Hot-Footin’ It the Water’s Edge
Having flown to the island of Hawaii and hiked to the top crater of Volcanoes National Park, I realized that I was not inspired to paint the smoldering brown crater. The only other possibility for finding an iconic subject to represent this national park was to head back down the mountain to where the volcanic lava river from the crater meets the sea.
On this segment of my quest to paint each of the national parks is Mindy, my friend from Maui. We enjoyed the views as we were winding down the mountain in search of the road that the ranger told us led to an active area where hot lava was flowing into the colder ocean water.
Now at sea level again, it was a wild and wonderful adventure to take an unmarked rough jungle road out toward the area on the island where we could see lava flowing. Parking in a lot on the sand, with pop up stands created by Native Hawaiians and locals, we got out of the car to find out what our options were to get us the remaining eight miles to the sea. Far off in the distance we could see the blustering clouds of ash and steam rising up above miles of hard but still hot lava terrain. A forbidding site and it is already 86 degrees Fahrenheit standing still.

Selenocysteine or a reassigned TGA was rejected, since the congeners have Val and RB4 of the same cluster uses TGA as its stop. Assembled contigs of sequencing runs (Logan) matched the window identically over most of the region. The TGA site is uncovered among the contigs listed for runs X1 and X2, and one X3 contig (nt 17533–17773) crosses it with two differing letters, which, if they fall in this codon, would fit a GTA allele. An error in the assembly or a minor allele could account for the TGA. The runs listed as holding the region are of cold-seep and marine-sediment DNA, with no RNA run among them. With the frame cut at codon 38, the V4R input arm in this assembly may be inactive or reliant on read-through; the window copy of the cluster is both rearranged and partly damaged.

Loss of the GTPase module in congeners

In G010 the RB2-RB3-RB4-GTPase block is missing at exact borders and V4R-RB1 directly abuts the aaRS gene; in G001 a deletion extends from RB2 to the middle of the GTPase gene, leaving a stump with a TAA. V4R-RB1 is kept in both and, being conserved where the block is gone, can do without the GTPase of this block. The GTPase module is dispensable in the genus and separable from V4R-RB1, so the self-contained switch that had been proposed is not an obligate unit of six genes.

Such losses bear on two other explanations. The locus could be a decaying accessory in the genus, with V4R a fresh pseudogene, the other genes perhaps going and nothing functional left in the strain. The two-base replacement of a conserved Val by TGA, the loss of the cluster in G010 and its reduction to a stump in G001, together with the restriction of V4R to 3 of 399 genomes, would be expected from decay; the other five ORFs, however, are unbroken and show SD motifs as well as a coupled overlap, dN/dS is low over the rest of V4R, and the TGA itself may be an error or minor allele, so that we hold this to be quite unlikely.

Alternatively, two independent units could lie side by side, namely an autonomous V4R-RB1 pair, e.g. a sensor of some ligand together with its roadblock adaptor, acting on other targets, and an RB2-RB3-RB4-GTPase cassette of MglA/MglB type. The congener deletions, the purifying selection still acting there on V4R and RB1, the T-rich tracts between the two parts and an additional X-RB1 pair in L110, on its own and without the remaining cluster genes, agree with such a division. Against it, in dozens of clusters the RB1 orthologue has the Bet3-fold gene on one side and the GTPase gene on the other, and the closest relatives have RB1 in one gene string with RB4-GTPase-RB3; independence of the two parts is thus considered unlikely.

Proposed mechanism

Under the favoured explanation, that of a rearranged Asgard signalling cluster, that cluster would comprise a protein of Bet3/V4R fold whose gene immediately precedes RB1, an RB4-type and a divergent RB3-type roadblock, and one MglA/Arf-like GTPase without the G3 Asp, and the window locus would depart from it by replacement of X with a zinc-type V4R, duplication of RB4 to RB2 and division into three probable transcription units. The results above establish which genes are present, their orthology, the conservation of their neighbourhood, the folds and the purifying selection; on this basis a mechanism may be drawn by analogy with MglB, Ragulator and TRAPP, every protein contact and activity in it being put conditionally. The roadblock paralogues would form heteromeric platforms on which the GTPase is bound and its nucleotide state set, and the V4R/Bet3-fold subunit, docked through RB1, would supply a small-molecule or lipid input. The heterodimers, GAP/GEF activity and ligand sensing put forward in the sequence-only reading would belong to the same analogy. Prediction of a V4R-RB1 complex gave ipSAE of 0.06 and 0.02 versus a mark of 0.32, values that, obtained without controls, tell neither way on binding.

The choices of how we could get through the next eight miles were we could walk out there and back, a 16-mile hike hot-footing it all the way; riding bikes for rent; hiring horses to ride out there; or hiring a driver that could take us six miles closer to the active lava site.
We chose the local with his jeep who shared with us a lot of local knowledge. As he drove, palming the wheel to facilitate his right hand holding a a beer, we heard about how these tiny 400 square foot huts that we were driving by were allowed to be built on newly hardened ocean-front lava acres. Looking at these huts, often made from scrap wood and large palms dragged from the jungle, I couldn’t imagine how their occupants slept through windy nights and felt certain the structures would never survive a storm.
We walked the remaining two miles and finally stood at the foot of the ocean and witnessed the red-hot rivers of lava crashing into the violent waves. It was a spectacular experience to behold and led me to create the charcoal drawing featured in the Dec. 10, 2017, edition, “Awe Over Earth’s Renewal.”
The drawing establishes the subject and composition. Then I paint in oils hoping to capture with color, the power and drama of this rare scene of land being born.
See Fitz Maurice’s quest paintings at nationalparkpaintings.com Glacier National Park, Montana, and the Hockaday Museum of Art, are exhibiting the National Park Paintings series this June and July.